One of my favorite September traditions is spending a day making and canning roasted salsa with the Jones family. We've done it in several different kitchens - Faribault, MN, Sioux Falls, SD, and St. Louis Park, MN. After all that moving, Pam and Larry have now settled in their beautiful home in Arden Hills, MN, and it's by far my favorite kitchen we've salsa'd in.
We learn a little each year about the tomato and chile pepper crops - this year produced especially spicy jalapenos so the first two batches were tongue-numbingly hot. We did get 4 batches done (each batch cooks for about 4 hours and makes approximately 25 pints of salsa). My job is usually "Executive Tomato-Peeler" and I remove skins from 120 pounds of fresh Farmer's Market tomatoes. My fingers end up stained red and sore from the acid but it's worth it when I get to take home a dozen delicious jars of dark red spicy salsa!
The roasted salsa is not my recipe to share so you'll have to look elsewhere for that. But I can share the Grilled Tomatillo Salsa we whipped up in between batches of the other stuff. Pam had grabbed a basket of little green tomatillos at the Farmer's Market on a whim. They look like mini tomatoes that are green, with a papery covering. They need to be peeled and rinsed to get the stickiness off.
Since we were using the oven to roast the regular salsa, we grilled the tomatillos and other veggies outside on the big gas grill. Then a quick trip through the food processor with some lime juice and cilantro is all it takes to make a big bowl of spicy green sweet salsa. My tastebuds were kind of dead from all the other salsa testing so it was a day or two later when I used the Grilled Tomatillo Salsa in some Chilaquiles and fully appreciated the flavors.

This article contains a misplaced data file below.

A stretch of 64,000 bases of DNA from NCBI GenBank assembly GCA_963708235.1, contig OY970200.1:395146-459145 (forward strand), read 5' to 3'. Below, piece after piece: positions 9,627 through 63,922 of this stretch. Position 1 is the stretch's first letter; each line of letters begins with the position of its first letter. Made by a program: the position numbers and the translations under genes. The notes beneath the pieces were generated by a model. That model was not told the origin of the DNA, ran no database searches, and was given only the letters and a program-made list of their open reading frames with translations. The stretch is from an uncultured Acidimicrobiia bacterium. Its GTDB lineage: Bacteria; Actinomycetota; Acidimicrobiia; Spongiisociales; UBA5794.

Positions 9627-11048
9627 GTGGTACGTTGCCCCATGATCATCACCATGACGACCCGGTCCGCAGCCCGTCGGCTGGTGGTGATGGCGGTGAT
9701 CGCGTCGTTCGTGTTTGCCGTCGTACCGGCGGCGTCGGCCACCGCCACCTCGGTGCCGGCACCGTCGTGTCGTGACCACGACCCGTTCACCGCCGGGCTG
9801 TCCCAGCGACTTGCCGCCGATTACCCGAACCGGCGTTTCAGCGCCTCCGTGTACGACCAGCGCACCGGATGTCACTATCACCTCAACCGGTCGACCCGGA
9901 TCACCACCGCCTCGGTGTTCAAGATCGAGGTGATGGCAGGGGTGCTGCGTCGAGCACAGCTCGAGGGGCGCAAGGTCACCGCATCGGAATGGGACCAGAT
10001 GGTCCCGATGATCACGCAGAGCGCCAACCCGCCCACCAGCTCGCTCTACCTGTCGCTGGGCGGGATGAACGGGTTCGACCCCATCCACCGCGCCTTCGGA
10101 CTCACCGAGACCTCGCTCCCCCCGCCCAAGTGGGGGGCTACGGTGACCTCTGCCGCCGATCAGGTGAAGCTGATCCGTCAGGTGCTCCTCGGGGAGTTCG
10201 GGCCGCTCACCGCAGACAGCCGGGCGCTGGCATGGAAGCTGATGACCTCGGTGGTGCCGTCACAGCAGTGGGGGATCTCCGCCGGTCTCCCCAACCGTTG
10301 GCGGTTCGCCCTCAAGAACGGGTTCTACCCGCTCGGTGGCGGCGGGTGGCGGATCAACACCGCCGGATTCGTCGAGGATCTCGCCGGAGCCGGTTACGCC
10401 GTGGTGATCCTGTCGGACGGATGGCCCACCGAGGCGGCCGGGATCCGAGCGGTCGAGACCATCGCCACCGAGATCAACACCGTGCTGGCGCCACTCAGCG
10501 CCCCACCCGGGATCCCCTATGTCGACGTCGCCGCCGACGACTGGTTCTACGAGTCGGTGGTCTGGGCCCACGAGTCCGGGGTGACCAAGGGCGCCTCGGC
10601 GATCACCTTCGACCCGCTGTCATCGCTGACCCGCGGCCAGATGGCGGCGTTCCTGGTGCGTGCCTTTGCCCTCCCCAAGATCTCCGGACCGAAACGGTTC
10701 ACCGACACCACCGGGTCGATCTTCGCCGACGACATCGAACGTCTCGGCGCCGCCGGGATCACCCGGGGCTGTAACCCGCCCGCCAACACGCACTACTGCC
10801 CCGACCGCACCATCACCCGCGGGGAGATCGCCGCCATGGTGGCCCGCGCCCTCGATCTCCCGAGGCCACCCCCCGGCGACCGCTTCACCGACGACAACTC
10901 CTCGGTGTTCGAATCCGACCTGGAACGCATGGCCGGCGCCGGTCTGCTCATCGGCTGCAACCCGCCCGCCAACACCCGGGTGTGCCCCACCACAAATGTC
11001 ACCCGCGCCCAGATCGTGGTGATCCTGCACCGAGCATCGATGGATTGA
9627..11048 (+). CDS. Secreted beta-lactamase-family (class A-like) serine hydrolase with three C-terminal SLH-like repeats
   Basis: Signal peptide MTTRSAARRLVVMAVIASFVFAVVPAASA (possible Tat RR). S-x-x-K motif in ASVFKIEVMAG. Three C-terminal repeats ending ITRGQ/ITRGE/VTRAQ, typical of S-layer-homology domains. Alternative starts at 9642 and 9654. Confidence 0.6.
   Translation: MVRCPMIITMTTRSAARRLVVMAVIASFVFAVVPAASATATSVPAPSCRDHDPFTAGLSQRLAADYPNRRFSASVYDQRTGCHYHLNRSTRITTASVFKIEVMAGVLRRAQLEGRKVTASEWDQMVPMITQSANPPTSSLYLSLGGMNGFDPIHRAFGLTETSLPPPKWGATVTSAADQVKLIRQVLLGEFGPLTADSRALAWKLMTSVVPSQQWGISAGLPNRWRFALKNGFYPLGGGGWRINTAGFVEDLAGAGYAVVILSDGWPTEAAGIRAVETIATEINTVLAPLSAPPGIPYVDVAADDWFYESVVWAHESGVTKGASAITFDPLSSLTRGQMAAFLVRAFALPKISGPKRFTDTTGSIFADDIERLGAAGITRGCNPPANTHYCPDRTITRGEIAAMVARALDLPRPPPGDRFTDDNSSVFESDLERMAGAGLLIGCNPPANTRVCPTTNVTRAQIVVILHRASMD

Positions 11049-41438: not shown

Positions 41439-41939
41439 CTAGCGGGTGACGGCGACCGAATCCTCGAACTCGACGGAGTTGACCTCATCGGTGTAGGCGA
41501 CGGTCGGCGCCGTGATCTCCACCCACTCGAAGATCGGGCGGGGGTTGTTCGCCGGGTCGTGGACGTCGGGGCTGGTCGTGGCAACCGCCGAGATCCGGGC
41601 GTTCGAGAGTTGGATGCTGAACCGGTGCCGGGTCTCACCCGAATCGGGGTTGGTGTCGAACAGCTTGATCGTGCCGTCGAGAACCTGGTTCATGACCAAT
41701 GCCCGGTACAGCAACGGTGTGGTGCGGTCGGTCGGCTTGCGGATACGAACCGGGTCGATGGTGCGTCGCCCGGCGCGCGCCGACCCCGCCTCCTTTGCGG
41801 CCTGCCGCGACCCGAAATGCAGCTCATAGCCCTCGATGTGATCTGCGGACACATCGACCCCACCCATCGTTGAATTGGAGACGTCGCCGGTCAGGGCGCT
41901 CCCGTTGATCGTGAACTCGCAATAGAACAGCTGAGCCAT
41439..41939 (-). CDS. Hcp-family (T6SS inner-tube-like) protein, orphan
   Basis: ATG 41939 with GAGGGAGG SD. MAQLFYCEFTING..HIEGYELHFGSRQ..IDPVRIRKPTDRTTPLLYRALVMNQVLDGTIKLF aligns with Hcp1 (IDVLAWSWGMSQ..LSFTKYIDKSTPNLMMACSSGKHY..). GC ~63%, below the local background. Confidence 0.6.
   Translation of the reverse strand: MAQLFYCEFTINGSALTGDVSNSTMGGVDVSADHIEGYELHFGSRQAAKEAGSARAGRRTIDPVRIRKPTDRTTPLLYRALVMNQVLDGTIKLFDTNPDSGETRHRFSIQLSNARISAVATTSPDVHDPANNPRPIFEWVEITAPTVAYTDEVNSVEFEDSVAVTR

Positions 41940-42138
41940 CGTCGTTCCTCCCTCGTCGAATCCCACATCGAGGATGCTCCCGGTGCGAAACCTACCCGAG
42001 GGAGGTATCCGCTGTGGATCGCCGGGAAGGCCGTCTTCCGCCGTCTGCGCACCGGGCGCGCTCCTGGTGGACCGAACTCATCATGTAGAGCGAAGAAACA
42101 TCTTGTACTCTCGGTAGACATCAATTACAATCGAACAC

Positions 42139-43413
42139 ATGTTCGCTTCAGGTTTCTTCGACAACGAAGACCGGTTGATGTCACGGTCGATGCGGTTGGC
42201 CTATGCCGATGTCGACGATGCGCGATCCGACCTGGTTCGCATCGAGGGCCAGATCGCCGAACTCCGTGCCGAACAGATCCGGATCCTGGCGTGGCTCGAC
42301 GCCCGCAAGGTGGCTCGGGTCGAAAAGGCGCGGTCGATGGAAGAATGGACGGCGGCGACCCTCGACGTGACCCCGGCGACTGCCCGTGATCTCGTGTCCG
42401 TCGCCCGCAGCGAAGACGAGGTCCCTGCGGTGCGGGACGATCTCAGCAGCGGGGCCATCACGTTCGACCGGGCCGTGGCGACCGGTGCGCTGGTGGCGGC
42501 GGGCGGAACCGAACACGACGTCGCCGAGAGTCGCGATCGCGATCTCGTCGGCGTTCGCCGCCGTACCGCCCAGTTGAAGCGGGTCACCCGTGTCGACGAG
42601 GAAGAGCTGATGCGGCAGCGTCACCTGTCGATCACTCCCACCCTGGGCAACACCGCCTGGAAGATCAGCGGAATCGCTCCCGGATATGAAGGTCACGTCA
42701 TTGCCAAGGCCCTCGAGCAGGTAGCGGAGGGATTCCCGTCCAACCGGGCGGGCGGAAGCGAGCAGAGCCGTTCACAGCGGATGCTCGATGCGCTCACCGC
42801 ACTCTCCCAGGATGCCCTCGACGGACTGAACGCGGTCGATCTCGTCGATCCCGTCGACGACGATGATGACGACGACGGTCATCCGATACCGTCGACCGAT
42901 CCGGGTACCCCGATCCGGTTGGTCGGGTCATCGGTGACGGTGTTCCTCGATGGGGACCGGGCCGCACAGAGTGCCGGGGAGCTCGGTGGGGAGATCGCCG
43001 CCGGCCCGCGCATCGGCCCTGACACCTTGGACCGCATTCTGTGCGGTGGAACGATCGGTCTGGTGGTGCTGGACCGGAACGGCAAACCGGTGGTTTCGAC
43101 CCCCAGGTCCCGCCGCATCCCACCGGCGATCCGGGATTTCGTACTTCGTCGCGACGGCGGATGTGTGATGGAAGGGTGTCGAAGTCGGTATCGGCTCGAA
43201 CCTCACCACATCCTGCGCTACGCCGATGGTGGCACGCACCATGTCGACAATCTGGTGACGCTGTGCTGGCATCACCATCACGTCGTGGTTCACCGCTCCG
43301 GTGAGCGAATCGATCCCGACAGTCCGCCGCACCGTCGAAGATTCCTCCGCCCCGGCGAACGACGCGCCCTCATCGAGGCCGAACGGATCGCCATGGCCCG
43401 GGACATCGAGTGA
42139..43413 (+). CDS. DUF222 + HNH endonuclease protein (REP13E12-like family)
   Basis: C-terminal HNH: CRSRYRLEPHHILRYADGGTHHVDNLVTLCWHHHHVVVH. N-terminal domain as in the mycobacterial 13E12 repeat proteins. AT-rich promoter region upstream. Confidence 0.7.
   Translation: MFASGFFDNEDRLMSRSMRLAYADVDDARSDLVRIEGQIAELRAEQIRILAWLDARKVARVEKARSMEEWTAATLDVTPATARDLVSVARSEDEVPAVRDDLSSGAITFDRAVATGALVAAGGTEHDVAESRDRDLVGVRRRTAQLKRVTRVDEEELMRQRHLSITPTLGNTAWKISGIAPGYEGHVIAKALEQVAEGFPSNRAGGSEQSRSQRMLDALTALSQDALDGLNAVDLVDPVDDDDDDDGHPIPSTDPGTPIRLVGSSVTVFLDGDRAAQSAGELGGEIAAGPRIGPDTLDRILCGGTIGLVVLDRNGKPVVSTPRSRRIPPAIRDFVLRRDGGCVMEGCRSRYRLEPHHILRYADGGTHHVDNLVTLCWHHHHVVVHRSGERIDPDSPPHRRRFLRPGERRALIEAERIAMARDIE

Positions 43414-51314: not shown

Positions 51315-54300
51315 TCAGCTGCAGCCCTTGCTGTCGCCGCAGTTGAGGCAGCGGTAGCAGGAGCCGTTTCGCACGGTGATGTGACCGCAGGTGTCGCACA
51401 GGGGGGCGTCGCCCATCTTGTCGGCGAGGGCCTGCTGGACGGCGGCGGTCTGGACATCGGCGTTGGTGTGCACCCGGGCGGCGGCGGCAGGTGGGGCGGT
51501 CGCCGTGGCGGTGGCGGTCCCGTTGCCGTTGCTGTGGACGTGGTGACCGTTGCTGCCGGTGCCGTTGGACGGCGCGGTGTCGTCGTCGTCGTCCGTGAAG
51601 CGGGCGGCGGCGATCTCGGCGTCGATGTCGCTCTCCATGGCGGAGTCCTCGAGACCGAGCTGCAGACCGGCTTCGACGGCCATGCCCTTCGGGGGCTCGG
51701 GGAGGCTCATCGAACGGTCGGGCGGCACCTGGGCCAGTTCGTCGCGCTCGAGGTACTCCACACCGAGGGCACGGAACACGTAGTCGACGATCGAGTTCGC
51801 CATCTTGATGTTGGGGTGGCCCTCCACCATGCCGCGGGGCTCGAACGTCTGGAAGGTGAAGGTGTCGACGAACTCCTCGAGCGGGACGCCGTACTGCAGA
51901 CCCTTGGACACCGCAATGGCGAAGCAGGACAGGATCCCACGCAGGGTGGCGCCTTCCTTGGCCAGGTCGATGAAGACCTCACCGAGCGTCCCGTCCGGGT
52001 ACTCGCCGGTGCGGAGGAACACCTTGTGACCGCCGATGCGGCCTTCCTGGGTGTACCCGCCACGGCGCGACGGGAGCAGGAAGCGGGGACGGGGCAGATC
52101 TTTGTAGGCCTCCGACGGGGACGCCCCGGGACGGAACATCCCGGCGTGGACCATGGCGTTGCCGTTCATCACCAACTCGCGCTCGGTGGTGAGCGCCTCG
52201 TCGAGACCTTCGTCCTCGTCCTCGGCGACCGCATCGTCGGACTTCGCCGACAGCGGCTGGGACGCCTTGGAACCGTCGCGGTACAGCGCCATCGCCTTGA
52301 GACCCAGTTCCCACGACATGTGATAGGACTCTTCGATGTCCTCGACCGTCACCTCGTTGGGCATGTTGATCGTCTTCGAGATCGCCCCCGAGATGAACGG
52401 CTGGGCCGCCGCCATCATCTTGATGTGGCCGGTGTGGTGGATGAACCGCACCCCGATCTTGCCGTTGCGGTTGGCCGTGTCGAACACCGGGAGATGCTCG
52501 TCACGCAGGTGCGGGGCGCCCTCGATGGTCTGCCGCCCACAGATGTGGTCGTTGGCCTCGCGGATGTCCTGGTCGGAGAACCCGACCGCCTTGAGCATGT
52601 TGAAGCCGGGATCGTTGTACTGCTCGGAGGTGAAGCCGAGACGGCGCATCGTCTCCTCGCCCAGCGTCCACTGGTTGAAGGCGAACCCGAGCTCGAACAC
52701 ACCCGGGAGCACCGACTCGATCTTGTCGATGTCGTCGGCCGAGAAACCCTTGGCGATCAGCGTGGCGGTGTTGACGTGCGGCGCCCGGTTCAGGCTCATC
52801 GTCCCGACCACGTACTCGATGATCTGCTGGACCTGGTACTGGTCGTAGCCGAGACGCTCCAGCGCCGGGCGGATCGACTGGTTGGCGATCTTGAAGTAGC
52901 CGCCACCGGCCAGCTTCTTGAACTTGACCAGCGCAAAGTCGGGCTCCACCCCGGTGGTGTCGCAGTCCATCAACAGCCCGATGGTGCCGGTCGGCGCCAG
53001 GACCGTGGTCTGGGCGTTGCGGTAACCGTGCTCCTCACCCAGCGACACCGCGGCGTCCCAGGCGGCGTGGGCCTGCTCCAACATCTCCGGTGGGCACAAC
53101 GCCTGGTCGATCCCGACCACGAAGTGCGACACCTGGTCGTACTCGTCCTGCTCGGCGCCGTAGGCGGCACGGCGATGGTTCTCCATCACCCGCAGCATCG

Chilaquiles are a traditional Mexican breakfast dish. Often they feature fried corn tortillas (I prefer baking them) soaked in the salsa and topped with scrambled eggs and melted cheese. The final dish is crunchy, spicy, cheesy, and filling. Plus, it's a great excuse to eat what basically amounts to nachos for breakfast.
Grilled Tomatillo Salsa
1 basket tomatillos, papers removed and rinsed (about 25 tomatillos)
2 jalapeno peppers (or more or less to taste)
1 large yellow onion, quartered
3 large cloves garlic, skins removed
olive oil, salt, and pepper
juice of 1 lime
big handful cilantro
Put your whole tomatillos, whole jalapenos, onion quarters, and garlic cloves in a big bowl. Coat with olive oil, salt, and pepper. Grill on medium-high heat 3-4 minutes on each side until charred.
Remove from grill. Remove seeds from jalapenos (optional) and add everything to a food processor. Add lime juice and cilantro. Pulse to combine.
Corn tortilla chips (bake your own from stale corn tortillas or buy chips)
2 eggs, scrambled over medium-low heat until fluffy
fresh mozzarella cheese, cubed
grilled tomatillo salsa (recipe above)
1/4 fresh avocado, sliced
Layer chips, scrambled eggs, cheese, and salsa on a baking sheet. Bake at 350 degrees until cheese is melted. Top with slices of fresh avocado.
ONE YEAR AGO: Roasted Corn Pudding in Acorn Squash